Baptists have adopted creeds throughout their history. They probably have adopted creeds more than any other denomination. Baptist churches by the tens of thousands adopted a confession of faith when they constituted as a church. Some thousands of Baptist associations have similarly adopted their own confessions.
When critics of creeds raised their objections, Baptist leaders in earlier times answered that Baptists generally adopted creeds in their churches and associations because they were necessary to carrying out the church's mission. John Taylor, the great Separate Baptist preacher of the Kentucky frontier, said that "in every church in its constitution" the members should agree upon some creed. He estimated that nine out of ten of the Baptist churches in Virginia and Kentucky had adopted "what may properly be called a creed." Thomas Meredith, longtime editor of North Carolina's Biblical Recorder, believed that "the articles of faith form an indispensable element of the constitution" of a church. He knew of no church or association that "did not have its summary of faith, as an essential part of its constitution." Joseph S. Baker, who was a missionary preacher in Virginia and who edited several Baptist papers in his long career, noted that the majority of Southern Baptists rejected anti-creedal arguments and "every association with which we are acquainted" had a confession of faith.
The Southern Baptist Convention's seminaries each adopted a confession upon its establishment. The mission boards, state conventions and the Southern Baptist Convention however did not adopt confessions until the twentieth century, when the spread of modernism among Southern Baptist missionaries, teachers and preachers prompted these institutions to take additional measures to prevent modernists from gaining appointment. One of the first conventions to adopt a confession was the Baptist General Convention of Texas, which in 1913 adopted a report containing an extensive confession of faith. The Southern Baptist Convention followed suit in 1914 when it adopted the report of the Efficiency Commission, which consisted in large part of a confession of faith composed by E. Y. Mullins. Both conventions adopted these confessions to justify their contention that denominational unity derived from agreement on doctrine.
Such progressive leaders as R. H. Pitt, editor of Virginia's Religious Herald, objected strenuously to the creed-making of these two conventions. A few Baptist leaders in the past had also protested against the Baptist practice of adopting confessions of faith. John Leland, the famous evangelist of Revolution-era Virginia, spoke harshly of confessions. William B. Johnson, first president of the Southern Baptist Convention, opposed many of the traditional practices of Baptist churches, including the use of confessions of faith. The twentieth-century American commitment to a robust individualism gave Pitt and other anticreedalists some new advantages, but just as in generations past, the majority of Southern Baptists rejected anti-creedal arguments. The Southern Baptist Convention adopted a new version of the New Hampshire Confession, the Baptist Faith and Message, in 1925 and revised it in 1963, 1998 and 2000.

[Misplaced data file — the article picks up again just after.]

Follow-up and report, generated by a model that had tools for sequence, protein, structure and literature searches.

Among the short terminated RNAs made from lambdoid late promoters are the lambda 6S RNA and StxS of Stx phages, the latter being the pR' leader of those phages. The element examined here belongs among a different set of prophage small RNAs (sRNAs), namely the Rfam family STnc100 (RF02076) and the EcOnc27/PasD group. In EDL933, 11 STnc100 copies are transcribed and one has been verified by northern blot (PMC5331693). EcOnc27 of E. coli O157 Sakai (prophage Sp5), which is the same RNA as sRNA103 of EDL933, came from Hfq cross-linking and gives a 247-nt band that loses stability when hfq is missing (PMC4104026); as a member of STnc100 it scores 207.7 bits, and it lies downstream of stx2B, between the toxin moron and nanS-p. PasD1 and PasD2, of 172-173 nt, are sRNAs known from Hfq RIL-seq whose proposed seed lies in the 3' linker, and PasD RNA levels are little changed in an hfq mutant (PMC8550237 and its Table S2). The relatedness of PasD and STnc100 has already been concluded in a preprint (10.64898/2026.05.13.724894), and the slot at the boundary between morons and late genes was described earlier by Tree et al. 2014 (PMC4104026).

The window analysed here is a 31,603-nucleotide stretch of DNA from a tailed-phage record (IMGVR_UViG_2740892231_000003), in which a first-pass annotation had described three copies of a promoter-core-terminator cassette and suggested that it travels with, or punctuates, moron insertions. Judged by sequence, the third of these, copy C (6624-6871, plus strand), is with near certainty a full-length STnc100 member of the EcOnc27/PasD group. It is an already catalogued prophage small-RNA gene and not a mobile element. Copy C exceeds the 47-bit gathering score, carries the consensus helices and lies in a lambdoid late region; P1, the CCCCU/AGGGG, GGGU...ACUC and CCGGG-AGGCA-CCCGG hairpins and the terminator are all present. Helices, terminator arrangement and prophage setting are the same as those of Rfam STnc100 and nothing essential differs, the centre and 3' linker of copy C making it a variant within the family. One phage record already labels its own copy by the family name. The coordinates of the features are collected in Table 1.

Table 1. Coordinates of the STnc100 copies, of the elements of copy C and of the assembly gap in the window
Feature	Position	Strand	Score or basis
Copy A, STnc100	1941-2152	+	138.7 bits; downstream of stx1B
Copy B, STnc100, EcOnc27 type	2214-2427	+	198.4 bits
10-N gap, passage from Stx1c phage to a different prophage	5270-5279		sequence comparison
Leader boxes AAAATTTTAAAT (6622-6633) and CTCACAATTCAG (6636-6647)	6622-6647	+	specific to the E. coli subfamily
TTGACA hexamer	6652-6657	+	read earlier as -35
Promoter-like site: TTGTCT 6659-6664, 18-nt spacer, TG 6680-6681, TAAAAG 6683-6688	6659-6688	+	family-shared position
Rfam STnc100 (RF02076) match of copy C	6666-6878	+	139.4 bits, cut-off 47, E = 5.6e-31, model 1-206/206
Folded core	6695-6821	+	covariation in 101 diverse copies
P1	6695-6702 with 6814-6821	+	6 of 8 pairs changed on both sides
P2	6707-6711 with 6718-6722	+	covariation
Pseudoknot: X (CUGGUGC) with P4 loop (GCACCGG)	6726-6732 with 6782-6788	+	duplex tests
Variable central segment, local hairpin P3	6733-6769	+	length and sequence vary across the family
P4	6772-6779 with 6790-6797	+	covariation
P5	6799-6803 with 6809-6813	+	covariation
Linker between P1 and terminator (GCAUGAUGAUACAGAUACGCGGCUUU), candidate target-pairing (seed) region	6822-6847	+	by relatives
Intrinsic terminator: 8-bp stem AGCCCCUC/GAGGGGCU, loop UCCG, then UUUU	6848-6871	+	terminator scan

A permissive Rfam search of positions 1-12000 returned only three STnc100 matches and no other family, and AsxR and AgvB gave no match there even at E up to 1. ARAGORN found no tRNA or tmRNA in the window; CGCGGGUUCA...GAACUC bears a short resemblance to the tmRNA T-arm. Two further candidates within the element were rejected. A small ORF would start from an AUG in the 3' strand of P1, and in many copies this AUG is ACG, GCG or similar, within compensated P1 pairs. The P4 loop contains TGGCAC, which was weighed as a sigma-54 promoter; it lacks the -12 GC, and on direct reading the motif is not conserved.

Confessions are legitimate
The Convention was justified, for creeds are legitimate. Creeds do not displace the Bible's authority, they are merely summaries of what the Bible teaches. Sermons do not have to be inspired or inerrant to be useful, and neither do creeds. Our state governments publish one-volume "codes" or summaries of the laws of the state, organized by topic. In many states the "code" is not law and has no legal authority, yet it is critical to the efficient functioning of the law.
Everyone has a creed — written or unwritten. One's creed is what one believes that the Bible teaches. The only question is whether it is a good creed or a bad one. It is a good one to the extent that it agrees with Scripture. A creed has authority only to the extent that it is true, which is merely to say that Scripture is our authority. Good creeds effectively summarize Scripture truth. If it is good to know Scripture truth and to speak it from the pulpit and in the Sunday school classroom, then there can be no harm in writing it down. Creeds that do harm are those that include error.
Those who refuse to commit their beliefs to writing can not be trusted as sound teachers. The polity of our churches and conventions ensures that Baptists jointly elect their teachers. They have a right to know what their teachers believe, for they will teach in accordance with their beliefs. Baptists have a duty to appoint those only who will teach in accordance with Scripture truth.
To require assent to sound doctrine as expressed in a creed as a condition of service as a pastor, missionary or seminary professor imposes no hardship on any candidate. Stewards of every human agency have a duty to examine a candidate's qualifications for service. One essential qualification of those who teach the Word and preach the gospel is soundness of faith. "He must hold firmly to the trustworthy message as it has been taught, so that he can encourage others by sound doctrine and refute those who oppose it" (Tit. 1:9).